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10 Anti-Inflammatory Teas and Tonics For What Ails You

Living in a rural, agrarian area was a dream for my Grandmother who fancied herself as a herbalist. I don't know how many times I watched her ask my Grandfather to pull his car over so she could forage and procure various, grasses, leaves, bark, and roots so she could bring them home for anti-inflammatory teas, tonics, and homemade salves. She said Native Americans taught her.  My grandmother would boil, steep and prepare various plants to help break fevers or as cold prevention tonics before and during the school year - along with castor or cod liver oil. 

 I was raised to love nature and that food was the best medicine. It wasn't that my grandmother didn't believe in conventional medicine. She highly respected doctors, but heavily relied on plants and prayer. As a matter of fact, we all had to go and get our annual check-up once a year.  Our family doctor happened to be the doctor for our entire family including me, my mother, her siblings, and my grandparents.

woman making fresh Chamomile Tea

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But we all considered my Grandmother a healer - her warm soft hands always made us feel better and if a hug, kiss, or prolonged snuggle didn't help, she'd use herbs, teas, and tonics to help us heal. Health and wellness was only a hug, mug, or salve away.

I carried on the tradition and it's served me well over the years, especially when I couldn't afford insurance.  Teas, such as anti-inflammatory teas and herbal remedies were the only things I could afford to help me with everything from stomach to skin issues. Now, I have a collection of 10 different loose and bagged teas in a decorative basket on my kitchen island.

Here is my list of top 10 teas and tonics to help soothe what ails you. As a disclaimer, I am not a doctor I'm just a country girl who survived country living sipping tea, and drinking tonics most of my life.

My Tea List 

  • Black tea - Great for a caffeine boost, antibacterial, and funky foot soak. The tannins kill odor-causing bacteria and steeped and cooled tea bags helps remove under-eye circles
  • Chai - A power-packed spice combo (see my recipe below)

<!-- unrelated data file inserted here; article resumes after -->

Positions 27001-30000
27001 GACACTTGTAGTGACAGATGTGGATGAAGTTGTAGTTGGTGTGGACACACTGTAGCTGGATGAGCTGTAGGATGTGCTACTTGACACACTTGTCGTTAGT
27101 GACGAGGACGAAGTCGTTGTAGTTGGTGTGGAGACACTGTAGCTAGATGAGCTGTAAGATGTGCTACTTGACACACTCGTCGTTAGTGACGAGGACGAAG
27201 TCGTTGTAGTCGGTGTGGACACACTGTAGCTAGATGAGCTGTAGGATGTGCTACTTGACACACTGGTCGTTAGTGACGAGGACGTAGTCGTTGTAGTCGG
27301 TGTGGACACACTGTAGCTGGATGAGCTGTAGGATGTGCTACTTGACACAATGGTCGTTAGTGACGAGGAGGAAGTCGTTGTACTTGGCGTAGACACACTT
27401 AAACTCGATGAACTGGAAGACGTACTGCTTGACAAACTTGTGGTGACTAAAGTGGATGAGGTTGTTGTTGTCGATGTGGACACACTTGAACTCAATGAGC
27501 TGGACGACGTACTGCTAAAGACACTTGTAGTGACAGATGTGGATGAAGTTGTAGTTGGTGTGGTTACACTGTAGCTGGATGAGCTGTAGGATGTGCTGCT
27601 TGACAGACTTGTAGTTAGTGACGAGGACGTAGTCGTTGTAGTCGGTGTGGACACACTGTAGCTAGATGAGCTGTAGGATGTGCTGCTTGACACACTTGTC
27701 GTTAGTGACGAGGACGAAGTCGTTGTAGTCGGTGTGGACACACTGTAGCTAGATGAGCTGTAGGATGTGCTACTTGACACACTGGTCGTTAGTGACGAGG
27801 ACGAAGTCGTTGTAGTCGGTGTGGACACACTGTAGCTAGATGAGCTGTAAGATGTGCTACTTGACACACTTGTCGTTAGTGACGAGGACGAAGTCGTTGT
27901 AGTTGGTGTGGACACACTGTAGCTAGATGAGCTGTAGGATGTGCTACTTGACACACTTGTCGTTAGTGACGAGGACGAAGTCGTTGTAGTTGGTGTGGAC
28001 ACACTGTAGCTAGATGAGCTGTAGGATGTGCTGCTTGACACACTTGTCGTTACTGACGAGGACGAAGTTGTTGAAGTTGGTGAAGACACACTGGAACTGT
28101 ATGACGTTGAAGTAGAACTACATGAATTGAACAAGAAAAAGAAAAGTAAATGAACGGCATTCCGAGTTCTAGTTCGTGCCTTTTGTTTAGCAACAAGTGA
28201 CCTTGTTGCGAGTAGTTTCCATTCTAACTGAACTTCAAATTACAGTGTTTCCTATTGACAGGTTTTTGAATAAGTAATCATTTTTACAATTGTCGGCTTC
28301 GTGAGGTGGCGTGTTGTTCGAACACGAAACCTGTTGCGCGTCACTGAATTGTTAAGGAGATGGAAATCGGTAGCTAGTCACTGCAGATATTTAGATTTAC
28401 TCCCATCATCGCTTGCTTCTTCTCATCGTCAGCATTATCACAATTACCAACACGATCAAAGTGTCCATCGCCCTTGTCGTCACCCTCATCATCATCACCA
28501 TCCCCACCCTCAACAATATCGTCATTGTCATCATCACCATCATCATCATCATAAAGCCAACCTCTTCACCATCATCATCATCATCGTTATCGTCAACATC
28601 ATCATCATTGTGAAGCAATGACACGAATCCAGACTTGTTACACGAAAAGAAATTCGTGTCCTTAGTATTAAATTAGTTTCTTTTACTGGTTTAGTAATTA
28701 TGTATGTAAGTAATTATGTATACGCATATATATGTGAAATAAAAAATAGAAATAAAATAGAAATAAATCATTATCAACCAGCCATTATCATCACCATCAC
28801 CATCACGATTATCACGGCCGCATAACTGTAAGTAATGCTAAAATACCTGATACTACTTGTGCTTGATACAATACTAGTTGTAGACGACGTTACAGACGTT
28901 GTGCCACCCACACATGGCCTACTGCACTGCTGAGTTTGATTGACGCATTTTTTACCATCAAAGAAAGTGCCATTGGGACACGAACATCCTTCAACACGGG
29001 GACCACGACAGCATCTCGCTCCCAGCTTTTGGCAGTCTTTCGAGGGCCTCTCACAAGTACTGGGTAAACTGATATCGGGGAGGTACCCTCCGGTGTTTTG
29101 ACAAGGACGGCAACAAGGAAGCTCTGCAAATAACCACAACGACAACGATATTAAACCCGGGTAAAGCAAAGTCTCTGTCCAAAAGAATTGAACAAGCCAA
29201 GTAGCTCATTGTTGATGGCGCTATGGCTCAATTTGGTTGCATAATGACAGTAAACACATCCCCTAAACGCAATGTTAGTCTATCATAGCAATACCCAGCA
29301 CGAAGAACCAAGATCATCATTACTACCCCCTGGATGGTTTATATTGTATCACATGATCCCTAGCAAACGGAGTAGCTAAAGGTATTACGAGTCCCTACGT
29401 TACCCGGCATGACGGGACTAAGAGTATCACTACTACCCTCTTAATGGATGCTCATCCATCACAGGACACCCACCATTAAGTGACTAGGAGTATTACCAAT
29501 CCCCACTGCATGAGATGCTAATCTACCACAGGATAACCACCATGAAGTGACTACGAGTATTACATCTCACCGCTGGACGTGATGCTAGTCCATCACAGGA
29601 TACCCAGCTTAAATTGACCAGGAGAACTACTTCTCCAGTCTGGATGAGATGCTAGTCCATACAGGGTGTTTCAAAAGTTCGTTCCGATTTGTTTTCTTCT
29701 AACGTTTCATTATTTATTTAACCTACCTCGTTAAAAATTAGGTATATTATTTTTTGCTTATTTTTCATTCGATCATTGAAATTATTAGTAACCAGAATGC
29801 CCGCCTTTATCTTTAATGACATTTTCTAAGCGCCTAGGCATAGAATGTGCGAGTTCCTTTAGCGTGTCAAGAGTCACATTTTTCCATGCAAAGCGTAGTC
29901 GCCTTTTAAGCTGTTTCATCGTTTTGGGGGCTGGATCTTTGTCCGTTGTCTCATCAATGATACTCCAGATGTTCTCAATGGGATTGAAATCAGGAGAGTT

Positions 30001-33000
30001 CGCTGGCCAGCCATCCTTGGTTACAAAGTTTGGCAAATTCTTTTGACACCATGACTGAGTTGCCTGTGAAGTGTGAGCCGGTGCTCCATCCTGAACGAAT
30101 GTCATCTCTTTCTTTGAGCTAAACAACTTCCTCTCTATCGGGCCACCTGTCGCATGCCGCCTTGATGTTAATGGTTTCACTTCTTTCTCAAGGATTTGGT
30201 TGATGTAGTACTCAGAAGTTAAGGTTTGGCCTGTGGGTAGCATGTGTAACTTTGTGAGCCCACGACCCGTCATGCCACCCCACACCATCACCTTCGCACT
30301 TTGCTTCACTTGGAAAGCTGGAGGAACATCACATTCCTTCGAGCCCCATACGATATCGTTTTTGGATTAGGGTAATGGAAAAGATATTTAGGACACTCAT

• Chamomile - A keep ingredient in Sleepy Time tea and an overall calming tea
  • Dandelion - Good for your liver and has diuretic properties
  • Ginger - An ingredient in Chai - touted for multiple uses including soothing stomach ailments, circulation, and menstrual cramp. This is also an anti-inflammatory tea.
  • Green tea - Slow release of caffeine and high in antioxidants
  • Peppermint - Soothing, calming, and natural body deodorizer 
  • Slippery elm -  It's the key ingredient in Throat Coat tea from Traditional Medicinals
  • Cinnamon - Calming and helps lower balance blood sugar
  • Tumeric - Great antioxidant

Trusted Tea Brands

I like to purchase teas from  Traditional Medicinals, which you can find online, in health food stores, or even Walmart. Celestial Seasoning is a great option because it can be found in most grocery stores. My all-time favorite is Calabash Tea (Teas blended from an actual Naturopathic doctor). I love that her site lists brewing instructions.

Chai Spice Inspired Warming Tonic by Tee

When I'm feeling like my body needs a spicy, herbal boost.


  • 1 nub of freshly grated ginger (length of your thumb) or 1/2 teaspoon of dried ginger
  • 10-15 dried cloves or 2-3 pinches of dried clove powder
  • 5 star anise pods
  • 1 cinnamon stick or 1/2 teaspoon of cinnamon powder
  • 5 cardamom seeds or 2-3 pinches of dried cardamom powder
  • A pinch of nutmeg or 2-3 grates from a rasp
  • 32 ozs of filtered water
  • Sweetener of your choice

Boil for 1 minute and let simmer on low for 15 minutes. Cool to room temperature and pour contents in a clean, sterile jar or covered glass container, and let it steep in the refrigerator overnight or a maximum of 24 hours. Strain and consume within 2-3 days in the refrigerator.

You can drink it immediately, but it won't be as strong.

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